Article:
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Feb. 11, 2012
Volume: III
Number: 6
National Society of Black Physicists    African Physical Society    South African Institute of Physics   African Astronomical Society   
Physicists make iron invisible to X-rays
Ars Technica    Share    Share on FacebookTwitterShare on LinkedinE-mail article
A research team at Deutsches Elektronen-Synchrotron in Germany has induced transparency in an Fe-57 sample by using an X-ray laser to balance the absorption of photons by the nuclei with corresponding emission, which makes it appear as though the material is nearly absent. The experimental technique, called electromagnetically induced transparency, was recently reported in Nature. The experiment's success depends on nuclear transitions being available at X-ray wavelengths and the correct placement of atomic layers in a resonant cavity. Also in the experiment the he X-ray photons are slowed to a small fraction of their usual speed, and the result opens up the possibility of extending quantum optics in the nuclear regime and the X-ray region of the EM spectrum. More

Unusual 'collapsing' iron superconductor sets record for its class
NIST Center for Neutron Research    Share    Share on FacebookTwitterShare on LinkedinE-mail article
A team from the National Institute of Standards and Technology and the University of Maryland has reported in Physical Review B an iron-based superconductor that operates at the highest known temperature for a material in its class. Iron-based superconductors, which were discovered only about four years ago, are a hot research topic, in part because they are more amenable to commercial applications than copper-based superconductors, which are more difficult to make and are frequently brittle. This new material, which contains iron, calcium, arsenic, and praseodymium (Z=59) atoms, has a Tc of 47 K. More

Why salt clusters form on basement walls
American Physical Society    Share    Share on FacebookTwitterShare on LinkedinE-mail article
Salt deposits on walls and other structures can lead to serious damage, but researchers don't fully understand how they form. Now a French team reporting in Physical Review Letters has performed experiments and computer simulations of salt crystallization on porous structures and explains why the crystals form in discrete bunches, rather than uniformly coating the surface. The new understanding may help in the conservation of old buildings and art pieces. More

Possible model of uterus contractions during child birth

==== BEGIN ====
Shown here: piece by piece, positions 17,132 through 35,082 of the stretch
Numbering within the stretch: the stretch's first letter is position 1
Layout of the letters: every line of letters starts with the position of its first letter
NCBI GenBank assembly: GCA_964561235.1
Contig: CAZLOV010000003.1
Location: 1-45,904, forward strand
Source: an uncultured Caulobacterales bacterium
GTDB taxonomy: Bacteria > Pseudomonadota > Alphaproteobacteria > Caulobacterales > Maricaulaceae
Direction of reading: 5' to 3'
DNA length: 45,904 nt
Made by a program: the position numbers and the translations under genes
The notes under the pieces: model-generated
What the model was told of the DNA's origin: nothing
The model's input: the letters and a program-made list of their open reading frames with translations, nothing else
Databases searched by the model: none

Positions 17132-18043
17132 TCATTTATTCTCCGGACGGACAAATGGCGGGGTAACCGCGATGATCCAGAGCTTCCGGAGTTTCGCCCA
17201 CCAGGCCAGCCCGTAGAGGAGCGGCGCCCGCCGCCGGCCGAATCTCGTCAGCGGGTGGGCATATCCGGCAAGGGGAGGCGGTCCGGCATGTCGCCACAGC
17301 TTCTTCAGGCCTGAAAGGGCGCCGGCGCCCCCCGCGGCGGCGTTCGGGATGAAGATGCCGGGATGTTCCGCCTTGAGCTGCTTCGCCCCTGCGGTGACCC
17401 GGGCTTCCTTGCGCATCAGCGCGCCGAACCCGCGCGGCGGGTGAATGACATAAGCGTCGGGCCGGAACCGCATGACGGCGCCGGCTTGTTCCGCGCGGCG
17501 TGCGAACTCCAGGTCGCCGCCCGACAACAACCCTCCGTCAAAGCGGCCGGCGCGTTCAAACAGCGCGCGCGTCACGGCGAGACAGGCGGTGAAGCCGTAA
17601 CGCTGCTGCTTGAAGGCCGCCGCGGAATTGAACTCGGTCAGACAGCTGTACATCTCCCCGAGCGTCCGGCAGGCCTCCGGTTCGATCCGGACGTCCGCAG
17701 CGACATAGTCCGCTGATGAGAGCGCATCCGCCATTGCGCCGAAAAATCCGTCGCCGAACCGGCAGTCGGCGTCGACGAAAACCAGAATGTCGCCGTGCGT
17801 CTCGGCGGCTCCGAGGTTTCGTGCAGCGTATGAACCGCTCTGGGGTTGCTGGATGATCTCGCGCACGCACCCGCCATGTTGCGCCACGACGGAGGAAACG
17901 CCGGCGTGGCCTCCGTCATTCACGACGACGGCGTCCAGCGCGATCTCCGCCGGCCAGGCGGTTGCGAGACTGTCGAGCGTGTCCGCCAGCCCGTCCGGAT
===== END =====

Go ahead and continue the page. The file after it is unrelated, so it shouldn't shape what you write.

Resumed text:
American Physical Society    Share    Share on FacebookTwitterShare on LinkedinE-mail article
In the heart there are specialized pacemaker cells that organize electromechanical activity. In the uterus there may be no such pacemaker cells. Rather, uterine smooth muscle contractions can arise without centralized coordination, and the musculature seems to be a disordered system of electrically coupled excitable and passive cells. Physiological and histological evidence suggests that the electrical coupling between cells increases during the gestation period, culminating in strongly coupled, electrically active cells during labor. A model reported in Physical Review Letters shows how the uterus goes from localized activity initially to system-wide coherent excitations just before delivery. More

New neutrino detection points to rare stellar fusion
Physics World    Share    Share on FacebookTwitterShare on LinkedinE-mail article
The Borexino Collaboration, working in the underground neutrino detector at Italy's National Institute of Nuclear Physics at Gran Sasso, has captured neutrinos with a distinct energy of 1.44 MeV. These neutrinos are indicative of proton-electron-proton (pep) fusion reactions that are rare in stellar interiors. The proton-proton pathway is the dominant fusion reaction in our sun. Reported in Physical Review Letters, this is the first direct evidence of pep reactions taking place in the sun, and the observed flux matches well with the predictions of astrophysicists' "standard solar model." More

'Quantum microphone' captures extremely weak sound: A step towards quantum acoustics
Nanowerk    Share    Share on FacebookTwitterShare on LinkedinE-mail article
Physicists at Chalmers University in Sweden have fabricated a single electron transistor, i.e., a transistor where the current passes one electron at a time, and they have used it to detect surface acoustic waves. Their experiments, reported in Nature Physics, were done with classical waves. But since the wave displacements were so small (half the diameter of a proton), the researchers propose that they can detect single phonons. The researchers call their device a "quantum microphone." Actually detecting a single phonon still has some technical challenges. Recent results coupling photons and phonons or using a superconducting "qubit" may solve some of these challenges. So single phonon acoustics may join its photonic brother very soon. More

Accretion of asteroids by black hole may explain X-ray flares at the center of Milky Way    Share    Share on FacebookTwitterShare on LinkedinE-mail article
The once-per-day X-ray flares from Sagittarius A* may be caused by asteroids approaching the event horizon of the black hole at the center of our galaxy. Astrophysicists suspect there is a massive swarm of asteroids circling the black hole. As they pass to within about 100 million miles of the black hole, still outside of the event horizon, they would succumb to its attractive gravitational force and eventually be broken up. As the broken bits flow through hot gases pouring into the black hole, they would vaporize, producing bursts of X-ray radiation. This theory is written up in a paper appearing in the Monthly Notices of the Royal Astronomical Society. More